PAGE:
Life on the moon is not any mattress of roses. The espresso’s weak as a result of water boils at low temperature. The meals is rank as a result of it is arduous and costly to develop rather more than algae on the lunar floor. Artemis, the primary human colony on the moon, is basically a small frontier mining city and vacationer entice and a spot that pulls misfits who hope to strike it wealthy, together with a younger girl who grew up there named Jazz. “Artemis” is the second novel by Andy Weir, the previous software program engineer who struck it wealthy himself along with his first novel, “The Martian.” He joins us now from Palo Alto, Calif. Thanks a lot for being with us.

ANDY WEIR: Thanks for having me.

SIMON: And inform us about this place that’s without delay otherworldly and gritty, Artemis.

WEIR: Well, it is a vacationer city. The cash comes into the system by way of tourism, primarily. And so I might modeled it – type of the social buildings and the best way issues work – after vacationer cities within the Caribbean, stuff like that the place you might have the actually ritzy, good, high-clbad accommodations in a single a part of city after which the extra, shall we embrace, austere residing situations of the individuals who dwell and work there.

SIMON: And inform us about Jazz – Jasmine, your protagonist. She’s a porter however actually a smuggler, Saudi by beginning however actually the primary technology of people that think about themselves to be residents of the moon.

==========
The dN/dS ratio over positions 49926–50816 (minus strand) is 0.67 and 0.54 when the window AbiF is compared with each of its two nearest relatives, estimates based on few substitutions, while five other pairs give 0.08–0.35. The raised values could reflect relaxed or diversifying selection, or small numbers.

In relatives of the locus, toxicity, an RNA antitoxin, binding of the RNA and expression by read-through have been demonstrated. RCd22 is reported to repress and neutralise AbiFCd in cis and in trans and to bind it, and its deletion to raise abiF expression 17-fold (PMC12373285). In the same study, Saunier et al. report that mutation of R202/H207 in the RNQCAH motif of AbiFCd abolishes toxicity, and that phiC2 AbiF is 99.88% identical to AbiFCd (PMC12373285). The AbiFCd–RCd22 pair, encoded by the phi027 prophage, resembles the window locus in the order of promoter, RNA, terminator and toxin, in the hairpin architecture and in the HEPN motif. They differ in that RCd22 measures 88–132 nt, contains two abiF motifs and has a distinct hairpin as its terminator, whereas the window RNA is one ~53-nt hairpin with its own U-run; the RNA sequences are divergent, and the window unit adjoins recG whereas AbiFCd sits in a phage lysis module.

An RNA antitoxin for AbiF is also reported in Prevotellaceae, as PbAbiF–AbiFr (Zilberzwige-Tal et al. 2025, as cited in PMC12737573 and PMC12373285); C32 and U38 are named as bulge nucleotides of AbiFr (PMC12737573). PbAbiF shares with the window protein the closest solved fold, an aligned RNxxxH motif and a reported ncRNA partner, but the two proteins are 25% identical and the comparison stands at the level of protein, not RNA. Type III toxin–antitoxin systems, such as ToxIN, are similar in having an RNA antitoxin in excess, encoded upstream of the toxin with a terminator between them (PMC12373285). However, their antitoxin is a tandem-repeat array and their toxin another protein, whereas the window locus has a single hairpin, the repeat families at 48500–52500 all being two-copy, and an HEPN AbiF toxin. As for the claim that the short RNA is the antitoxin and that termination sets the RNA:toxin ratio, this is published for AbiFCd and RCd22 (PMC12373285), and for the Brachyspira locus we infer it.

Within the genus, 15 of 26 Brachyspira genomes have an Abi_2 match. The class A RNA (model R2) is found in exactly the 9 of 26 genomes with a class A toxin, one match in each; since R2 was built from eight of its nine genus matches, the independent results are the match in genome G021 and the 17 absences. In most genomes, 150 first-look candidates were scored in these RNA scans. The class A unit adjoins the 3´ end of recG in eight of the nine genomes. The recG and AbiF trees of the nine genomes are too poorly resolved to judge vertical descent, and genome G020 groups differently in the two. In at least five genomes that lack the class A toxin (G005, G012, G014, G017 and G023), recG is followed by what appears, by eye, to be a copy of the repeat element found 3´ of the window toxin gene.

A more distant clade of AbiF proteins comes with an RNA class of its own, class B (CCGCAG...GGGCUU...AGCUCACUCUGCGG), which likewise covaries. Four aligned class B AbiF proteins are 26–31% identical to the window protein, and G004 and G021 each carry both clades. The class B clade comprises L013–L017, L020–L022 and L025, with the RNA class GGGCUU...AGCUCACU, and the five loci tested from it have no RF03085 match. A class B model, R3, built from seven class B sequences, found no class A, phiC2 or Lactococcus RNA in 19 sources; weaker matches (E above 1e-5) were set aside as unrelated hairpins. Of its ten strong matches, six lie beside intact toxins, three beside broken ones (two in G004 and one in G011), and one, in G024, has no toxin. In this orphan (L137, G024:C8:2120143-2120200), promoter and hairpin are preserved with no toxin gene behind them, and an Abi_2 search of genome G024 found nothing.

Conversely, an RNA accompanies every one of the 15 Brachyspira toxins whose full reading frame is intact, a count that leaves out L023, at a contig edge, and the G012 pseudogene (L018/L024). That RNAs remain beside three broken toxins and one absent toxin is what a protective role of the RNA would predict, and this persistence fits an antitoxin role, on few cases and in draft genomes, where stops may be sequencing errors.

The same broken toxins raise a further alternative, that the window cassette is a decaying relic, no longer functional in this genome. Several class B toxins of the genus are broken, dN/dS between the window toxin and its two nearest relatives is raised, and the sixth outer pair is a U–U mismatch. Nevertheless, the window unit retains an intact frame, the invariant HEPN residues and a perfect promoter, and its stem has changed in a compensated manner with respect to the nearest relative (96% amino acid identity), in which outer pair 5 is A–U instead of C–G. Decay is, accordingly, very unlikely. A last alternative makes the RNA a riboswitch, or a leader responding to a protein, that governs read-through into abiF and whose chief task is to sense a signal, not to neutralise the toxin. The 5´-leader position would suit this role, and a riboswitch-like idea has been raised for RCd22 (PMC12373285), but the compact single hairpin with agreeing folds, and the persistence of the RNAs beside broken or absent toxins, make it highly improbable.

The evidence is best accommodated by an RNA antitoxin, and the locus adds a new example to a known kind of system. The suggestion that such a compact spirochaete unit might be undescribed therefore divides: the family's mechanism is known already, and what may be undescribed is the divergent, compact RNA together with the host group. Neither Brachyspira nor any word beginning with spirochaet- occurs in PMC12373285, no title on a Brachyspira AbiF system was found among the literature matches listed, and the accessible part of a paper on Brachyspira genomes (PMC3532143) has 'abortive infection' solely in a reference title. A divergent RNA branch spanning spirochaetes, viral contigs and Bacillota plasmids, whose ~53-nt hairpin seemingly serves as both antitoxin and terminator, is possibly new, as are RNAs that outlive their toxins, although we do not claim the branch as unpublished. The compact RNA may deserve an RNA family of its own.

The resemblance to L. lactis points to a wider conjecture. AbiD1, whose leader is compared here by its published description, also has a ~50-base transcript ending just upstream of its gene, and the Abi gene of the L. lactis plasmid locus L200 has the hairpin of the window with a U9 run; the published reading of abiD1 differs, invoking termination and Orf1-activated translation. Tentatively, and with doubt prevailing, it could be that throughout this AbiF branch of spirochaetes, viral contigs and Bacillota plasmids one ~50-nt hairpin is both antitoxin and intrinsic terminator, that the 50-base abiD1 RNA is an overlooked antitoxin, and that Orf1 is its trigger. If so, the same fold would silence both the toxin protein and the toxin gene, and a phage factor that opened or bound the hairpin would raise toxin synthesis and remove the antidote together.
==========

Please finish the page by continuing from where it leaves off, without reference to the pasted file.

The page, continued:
WEIR: Yeah, precisely. She’s very comparable – I imply, I’ve seen this so much with buddies who’re first-generation Americans, the place you see the mother and father have the type of authentic social norms and perception techniques of the type of mom nation. And then the children develop up, they usually find yourself utterly Americanized and a part of our tradition. Jazz is identical factor. She and her father moved to Artemis when she was simply 6 years outdated. And so she’s grown up there, and he or she considers herself an Artemisian. She is a citizen of Saudi Arabia, however she does not have a lot connection to the dominion.

SIMON: What got here first in your thoughts, Mr. Weir, the story, the character or this place, Artemis?

WEIR: The place. Basically, I needed to put in writing a narrative that happened within the first metropolis that was not on Earth. And I thought of Mars. I thought of low Earth orbit. But the moon is the plain place to construct it. If you had been on a soccer discipline, and also you had been standing at one purpose line, and if Mars had been on the different purpose line, the moon can be 4 inches in entrance of you.

SIMON: Oh. Oh.